Robson Sharuko Senior Sports Editor
WHEN Joey Antipas guides his Warriors in Lusaka tonight, he is likely to set a new record, for a national football team coach, after taking charge of FOUR matches, in FOUR different locations, in just a week.
He would have covered a distance of more than 1950kms, including a trip across the Zambezi, in a punishing schedule that can even take its toll on the world’s best coaches.
Antipas would have been in Bulawayo, Harare, Bindura, Harare, Bulawayo, Harare and Lusaka, in just a matter of days, serving two masters, and trying to make the best of both demanding assignments.
This is certainly the kind of stuff that goes into the Guinness Book of Records.
It all started with a 433km trip from his base in Bulawayo, to Harare, last week to take charge of the Warriors camp ahead of their 2021 AFCON qualifier against Botswana.
Then, just arriving in the capital, he had to dash to Trojan Mine on Wednesday, on a 90km road trip, leaving his Warriors alone in camp — just two days before the battle against the Zebras.
Antipas needed to take care of Chicken Inn’s interests in their quest to be league champions this year.
And, with their coach barking orders from the bench, his Gamecocks scrambled a priceless 1-0 win over Mushowani Stars in that match, with the hosts missing a penalty, to keep themselves in the race for the league championship.
Then, after that, Antipas had to dash back to Harare, another 90km road trip, to rejoin his Warriors as they prepared for that AFCON qualifier against the Zebras.
“We only had two full training sessions with all the players (ahead of the match against Botswana),’’ Antipas told a media conference in Lusaka yesterday.
“The last time the boys played together was at the AFCON finals, so, we are trying to find our feet.’’
Maybe, it explains why the Warriors produced a lifeless show against the Zebras on Friday night, just two days after their coach had taken charge of his club side’s league match at Trojan Mine.
A number of analysts have questioned why a coach, making his debut in the AFCON qualifiers, should have been allowed to let the midweek assignments of his club’s match distract him from concentrating fully on the demands of Nations Cup football.
“The irony is that all the local-based players who were summoned for national duty — the likes of Prince Dube, Ian Nekati and Partson Jaure — were barred from representing their clubs in those midweek matches because the authorities wanted them to fully focus on the national team match,’’ one of the analysts said.
“But, the coaches, who shape the mood of what happens when the players are in camp, were allowed to leave and be with their clubs for the midweek games.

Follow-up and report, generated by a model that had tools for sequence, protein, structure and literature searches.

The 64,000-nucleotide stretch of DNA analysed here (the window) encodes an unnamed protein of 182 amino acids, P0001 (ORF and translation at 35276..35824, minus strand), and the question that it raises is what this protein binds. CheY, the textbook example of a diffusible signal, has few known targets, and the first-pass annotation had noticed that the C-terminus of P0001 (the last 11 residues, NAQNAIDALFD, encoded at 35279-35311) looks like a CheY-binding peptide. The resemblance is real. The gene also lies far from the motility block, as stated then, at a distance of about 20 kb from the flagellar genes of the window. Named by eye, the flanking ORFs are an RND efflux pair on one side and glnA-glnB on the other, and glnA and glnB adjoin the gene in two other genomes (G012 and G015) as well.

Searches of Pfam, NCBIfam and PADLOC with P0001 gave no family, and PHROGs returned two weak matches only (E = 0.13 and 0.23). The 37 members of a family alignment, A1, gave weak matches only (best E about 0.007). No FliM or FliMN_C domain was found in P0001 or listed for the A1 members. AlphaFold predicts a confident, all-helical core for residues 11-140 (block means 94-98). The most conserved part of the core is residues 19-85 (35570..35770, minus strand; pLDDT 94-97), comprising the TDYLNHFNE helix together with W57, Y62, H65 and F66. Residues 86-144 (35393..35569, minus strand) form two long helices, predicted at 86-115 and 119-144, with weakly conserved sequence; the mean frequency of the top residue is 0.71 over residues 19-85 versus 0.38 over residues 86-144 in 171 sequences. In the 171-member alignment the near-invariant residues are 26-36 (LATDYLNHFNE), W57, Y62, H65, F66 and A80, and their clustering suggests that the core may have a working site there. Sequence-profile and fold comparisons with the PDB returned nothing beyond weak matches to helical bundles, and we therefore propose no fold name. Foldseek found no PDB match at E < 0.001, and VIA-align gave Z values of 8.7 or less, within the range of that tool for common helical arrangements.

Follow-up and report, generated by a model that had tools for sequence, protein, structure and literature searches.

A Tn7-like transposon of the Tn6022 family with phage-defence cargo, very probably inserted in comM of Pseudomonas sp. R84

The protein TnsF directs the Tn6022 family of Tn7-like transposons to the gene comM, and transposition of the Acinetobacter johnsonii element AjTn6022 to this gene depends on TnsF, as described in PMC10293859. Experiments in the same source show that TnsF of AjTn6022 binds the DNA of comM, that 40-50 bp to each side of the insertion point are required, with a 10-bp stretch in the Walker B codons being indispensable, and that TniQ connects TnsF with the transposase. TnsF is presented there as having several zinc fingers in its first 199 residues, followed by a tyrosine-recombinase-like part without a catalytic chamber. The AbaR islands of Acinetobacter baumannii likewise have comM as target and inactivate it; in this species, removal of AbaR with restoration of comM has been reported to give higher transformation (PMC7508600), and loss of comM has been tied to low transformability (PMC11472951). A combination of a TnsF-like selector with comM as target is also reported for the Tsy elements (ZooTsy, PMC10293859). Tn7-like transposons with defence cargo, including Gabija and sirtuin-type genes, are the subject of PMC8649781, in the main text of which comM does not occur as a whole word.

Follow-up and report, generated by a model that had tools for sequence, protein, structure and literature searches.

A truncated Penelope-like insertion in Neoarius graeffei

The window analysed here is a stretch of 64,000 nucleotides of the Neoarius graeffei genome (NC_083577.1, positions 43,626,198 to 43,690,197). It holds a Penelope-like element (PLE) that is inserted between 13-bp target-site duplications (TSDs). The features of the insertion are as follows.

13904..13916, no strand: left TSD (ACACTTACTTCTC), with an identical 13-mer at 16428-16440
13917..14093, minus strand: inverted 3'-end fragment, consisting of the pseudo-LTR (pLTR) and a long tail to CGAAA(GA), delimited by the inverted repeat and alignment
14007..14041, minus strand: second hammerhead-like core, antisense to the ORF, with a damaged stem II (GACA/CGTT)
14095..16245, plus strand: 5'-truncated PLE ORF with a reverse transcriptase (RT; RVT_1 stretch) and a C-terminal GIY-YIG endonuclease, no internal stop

“Surely, that disrupted preparations.’’
On Saturday morning, just hours after receiving a baptism of fire at the National Sports Stadium where he earned the full fury of fans disappointed by the team’s poor showing against Botswana, Antipas was on the road again, another 433kms, back to his base in Bulawayo.
This time, he took charge of Chicken Inn in their league match against Hwange — his third game, three days — two for his permanent employers and one for his casual employers.
The emotions of the previous night might have taken a toll on the coach as the Gamecocks failed to hold on to their lead, against the Colliery side, and conceded a penalty at Luveve with the match ending 1-1.
Disappointed by his team’s failure to secure maximum points, and storm back to the top of the Premiership standings, Antipas was back on the road again to the capital, another 433kms, to rejoin his Warriors for the trip to Zambia on Sunday for tonight’s AFCON qualifier.
Then, another 470kms to Lusaka, for this evening’s match.
Of course, he flew there but that doesn’t change the distance and the strain it all takes on someone who also deserves rest in this job that takes out a lot — both emotionally and physically — from those who work on the front-line as coaches.
To his credit, he looked very positive when he addressed the Zambian media in Lusaka yesterday, showing very little of the strain he has endured in a week that has challenged him to the limit.
Of course, he spoke about the disappointment of being afforded just two full training sessions with his men, ahead of the match against Botswana.
But, he should also have discussed how his trips, up and down the country to take charge of the Gamecocks, also had a bearing in making it difficult for him to concentrate fully on preparing his Warriors for that game.
He spoke about a cautious approach tonight, which probably means he will again go with two players forming a defensive shield in midfield, which some questioned in the game against Botswana.
“We respect Zambia, enough respect to the Zambians, we going out there to fight,’’ said Antipas.
Of course, that what those who appointed him expect, that’s what the nation expects and that’s what his Warriors expect.
Whether he is in the right frame of mind, after a taxing week in which he has been challenged to the limit, is another thing altogether.
And, he knows, the whole country is watching his every move and failure today would virtually end any hopes he had of getting this job on a permanent basis in January. But, even more importantly, it could significantly damage the Warriors’ hopes of a third straight appearance at the AFCON finals.